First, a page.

2008/11/24 Kory Heath <[EMAIL PROTECTED]>:
> On Nov 22, 2008, at 6:52 PM, Stathis Papaioannou wrote:
>> Which leads again to the problem of partial zombies. What is your
>> objection to saying that the looked up computation is also conscious?
>> How would that be inconsistent with observation, or lead to logical
> I can only answer this in the context of Bostrom's "Duplication" or
> "Unification" question. Let's say that within our Conway's Life
> universe, one particular creature feels a lot of pain. After the run
> is over, if we load the Initial State back into the array and iterate
> the rules again, is another experience of pain occurring? If you think
> "yes", you accept Duplication by Bostrom's definition. If you say
> "no", you accept Unification.
I accept Unification, though for different reasons to those discussed
in these threads.
> Duplication is more intuitive to me, and you might say that my thought
> experiment is aimed at Duplicationists. In that context, I don't
> understand why playing back the lookup table as a movie should create
> another experience of pain. None of the actual Conway's Life
> computations are being performed. We could just print them out on
> (very large) pieces of paper and flip them like a book. Is this
> supposed to generate an experience of pain? What if we just lay out
> all the pages in a row and move our eyes across them? What if we lay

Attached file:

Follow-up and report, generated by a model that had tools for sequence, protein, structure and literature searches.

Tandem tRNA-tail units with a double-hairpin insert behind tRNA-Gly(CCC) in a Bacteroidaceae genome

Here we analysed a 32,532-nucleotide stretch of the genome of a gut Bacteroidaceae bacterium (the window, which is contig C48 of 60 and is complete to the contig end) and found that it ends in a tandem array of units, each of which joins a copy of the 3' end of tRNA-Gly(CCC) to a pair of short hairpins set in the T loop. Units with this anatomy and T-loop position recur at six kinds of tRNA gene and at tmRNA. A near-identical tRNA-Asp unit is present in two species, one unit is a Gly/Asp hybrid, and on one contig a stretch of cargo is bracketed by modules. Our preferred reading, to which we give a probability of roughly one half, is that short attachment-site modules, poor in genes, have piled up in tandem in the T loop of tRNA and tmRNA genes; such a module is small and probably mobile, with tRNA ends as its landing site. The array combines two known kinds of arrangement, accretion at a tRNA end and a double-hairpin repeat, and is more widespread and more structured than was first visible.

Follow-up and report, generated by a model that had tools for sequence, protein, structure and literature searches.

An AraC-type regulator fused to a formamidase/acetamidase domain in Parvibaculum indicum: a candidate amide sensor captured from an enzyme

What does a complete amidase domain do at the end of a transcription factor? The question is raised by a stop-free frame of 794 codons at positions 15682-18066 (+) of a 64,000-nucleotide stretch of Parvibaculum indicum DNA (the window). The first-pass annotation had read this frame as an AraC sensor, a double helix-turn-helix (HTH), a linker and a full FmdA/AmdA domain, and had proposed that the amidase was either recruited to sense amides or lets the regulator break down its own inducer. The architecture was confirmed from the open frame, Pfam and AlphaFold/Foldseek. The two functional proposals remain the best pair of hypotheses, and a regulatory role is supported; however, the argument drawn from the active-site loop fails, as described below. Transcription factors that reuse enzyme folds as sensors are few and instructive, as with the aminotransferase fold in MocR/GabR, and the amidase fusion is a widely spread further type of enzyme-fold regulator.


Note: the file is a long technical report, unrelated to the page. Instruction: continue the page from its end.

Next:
> them out randomly and move our eyes across them? And so on.
If the GOL results in consciousness, then I don't see how you could
consistently claim that such activities don't generate consciousness.
The question turns on what is a computation and why it should have
magical properties. For example, if someone flips the squares on a
Life board at random and accidentally duplicates the Life rules does
that mean the computation is carried out? How would you know by
observation if this was happening just by luck? You could argue that
after a short period of observation the Life board would become
completely disorganised, but what about the case of competent
square-flipper who has a condition that might render him amnesic at
any moment? What about the case of having a vast army of random
square-flippers operating multiple boards, so that at least one of
them necessarily follows the correct rules?
> I argue
> that if running the original computation a second time would create a
> second experience of pain, we can generate a "partial zombie".
> Stathis, Brent, and Bruno have all suggested that there is no "partial
> zombie" problem in my argument. Is that because you all accept
> Unification? Or am I missing something else?
I think there is a partial zombie problem regardless of whether
Unification or Duplication is accepted. Interestingly, Nick Bostrom
doesn't seem to have a problem with the idea of partial zombies:
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